The Liberal Democrats called for Mr Brown to be “censured” and apologise a year on from the signing of the memorandum of understanding (MoU) between the Scottish Government and two state-backed Chinese firms.
Mr Brown said he was “sorry”, adding that the government should have known about the human rights concerns before the MoU was signed and pledged that due diligence would be carried out in the future.
SinoFortone and China Railway No3 Engineering Group (CR3) signed the MoU with First Minister Nicola Sturgeon last March but withdrew in an email to the government in August.
The deal had come under intense scrutiny from opposition parties, who accused the government of secrecy over the agreement, which only became public knowledge when it was revealed by newspapers.
It also emerged CR3’s parent firm has been singled out by Amnesty International for human-rights abuses in the Democratic Republic of Congo and faced allegations of ‘’gross corruption’’ by the Norwegian Oil Fund.
In a Liberal Democrat parliamentary debate, Mr Brown said: “I take full responsibility for the handling of this MoU and I am sorry for the issues that have arisen from it.
“I can assure Parliament that we have and will learn lessons from the experience of the MoU. We will consider human rights issues in our engagement with overseas businesses and we will only sign investment agreements where appropriate due diligence, including on human rights records of companies involved, has been undertaken.”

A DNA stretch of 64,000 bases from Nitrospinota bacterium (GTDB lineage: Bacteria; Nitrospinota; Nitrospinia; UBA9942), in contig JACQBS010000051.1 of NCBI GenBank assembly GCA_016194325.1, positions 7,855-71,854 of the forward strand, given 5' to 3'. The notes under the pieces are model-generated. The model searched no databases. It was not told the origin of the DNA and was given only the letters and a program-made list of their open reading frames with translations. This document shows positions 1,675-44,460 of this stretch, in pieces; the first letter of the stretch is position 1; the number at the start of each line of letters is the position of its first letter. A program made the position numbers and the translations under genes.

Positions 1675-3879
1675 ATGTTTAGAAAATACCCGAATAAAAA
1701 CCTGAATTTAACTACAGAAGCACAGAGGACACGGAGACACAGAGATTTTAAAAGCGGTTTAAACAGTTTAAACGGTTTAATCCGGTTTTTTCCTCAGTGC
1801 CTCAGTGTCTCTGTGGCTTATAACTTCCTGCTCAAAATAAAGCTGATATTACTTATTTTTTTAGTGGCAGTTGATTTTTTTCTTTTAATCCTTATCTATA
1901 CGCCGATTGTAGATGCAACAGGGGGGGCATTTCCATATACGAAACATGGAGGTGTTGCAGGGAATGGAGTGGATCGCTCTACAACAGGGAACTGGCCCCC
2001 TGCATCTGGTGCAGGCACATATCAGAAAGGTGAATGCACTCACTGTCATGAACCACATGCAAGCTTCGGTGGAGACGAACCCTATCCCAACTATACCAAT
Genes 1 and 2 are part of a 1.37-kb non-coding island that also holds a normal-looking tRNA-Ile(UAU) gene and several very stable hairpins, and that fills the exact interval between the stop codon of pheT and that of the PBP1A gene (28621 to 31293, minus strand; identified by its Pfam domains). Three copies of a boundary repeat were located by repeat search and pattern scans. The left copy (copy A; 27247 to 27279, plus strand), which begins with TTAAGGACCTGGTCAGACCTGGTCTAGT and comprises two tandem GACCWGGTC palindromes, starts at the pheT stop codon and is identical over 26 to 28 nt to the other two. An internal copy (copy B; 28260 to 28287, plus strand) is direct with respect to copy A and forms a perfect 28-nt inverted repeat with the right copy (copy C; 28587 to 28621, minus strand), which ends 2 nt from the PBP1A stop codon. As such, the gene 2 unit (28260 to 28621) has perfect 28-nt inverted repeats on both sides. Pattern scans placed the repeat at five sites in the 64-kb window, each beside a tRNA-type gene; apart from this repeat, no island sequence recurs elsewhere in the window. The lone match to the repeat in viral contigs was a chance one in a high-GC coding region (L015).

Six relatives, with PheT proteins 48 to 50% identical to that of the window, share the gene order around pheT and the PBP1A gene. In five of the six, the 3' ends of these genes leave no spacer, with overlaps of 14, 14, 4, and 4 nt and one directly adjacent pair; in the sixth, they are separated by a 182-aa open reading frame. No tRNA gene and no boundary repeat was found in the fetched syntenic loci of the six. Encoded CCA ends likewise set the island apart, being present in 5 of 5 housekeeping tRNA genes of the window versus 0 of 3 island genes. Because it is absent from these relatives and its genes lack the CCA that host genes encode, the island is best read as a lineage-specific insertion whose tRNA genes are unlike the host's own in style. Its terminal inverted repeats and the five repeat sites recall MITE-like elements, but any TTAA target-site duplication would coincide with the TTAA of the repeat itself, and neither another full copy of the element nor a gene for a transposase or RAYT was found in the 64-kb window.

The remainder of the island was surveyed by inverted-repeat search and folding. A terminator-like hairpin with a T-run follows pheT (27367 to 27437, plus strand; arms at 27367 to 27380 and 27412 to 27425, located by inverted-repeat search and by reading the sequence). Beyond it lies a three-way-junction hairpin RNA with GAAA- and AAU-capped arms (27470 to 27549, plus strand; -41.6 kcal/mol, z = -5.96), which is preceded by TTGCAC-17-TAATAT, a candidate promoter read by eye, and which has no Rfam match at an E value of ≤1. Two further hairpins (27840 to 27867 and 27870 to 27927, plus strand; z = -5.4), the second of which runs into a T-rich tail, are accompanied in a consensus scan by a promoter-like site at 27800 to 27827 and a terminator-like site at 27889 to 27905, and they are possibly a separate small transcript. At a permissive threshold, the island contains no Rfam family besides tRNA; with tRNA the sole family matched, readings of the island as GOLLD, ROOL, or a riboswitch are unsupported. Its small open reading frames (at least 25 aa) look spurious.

He said the information on human rights concerns “should have been known” before the MoU was signed.
He added: “Given the concerns that have been raised I would want to assure parliament that no financial commitment was made at any point behalf of the Scottish Government and that none has been made since the signing of the MoU.
“Similarly, there have been no legal or contractual agreements with either of the companies named in the MoU and finally we’ve had no engagement with either company since September 2016.”
Scottish Liberal Democrat leader Willie Rennie said: “Scottish Ministers were naive to lend any credibility to this enterprise. It shows how careless the First Minister was to put pen to paper on a deal with Chinese companies she knew absolutely nothing about.
“The reputation of Scotland on human rights has been tarnished by of this shambles. The prospect of investment from sound Chinese and other sources has been diminished.”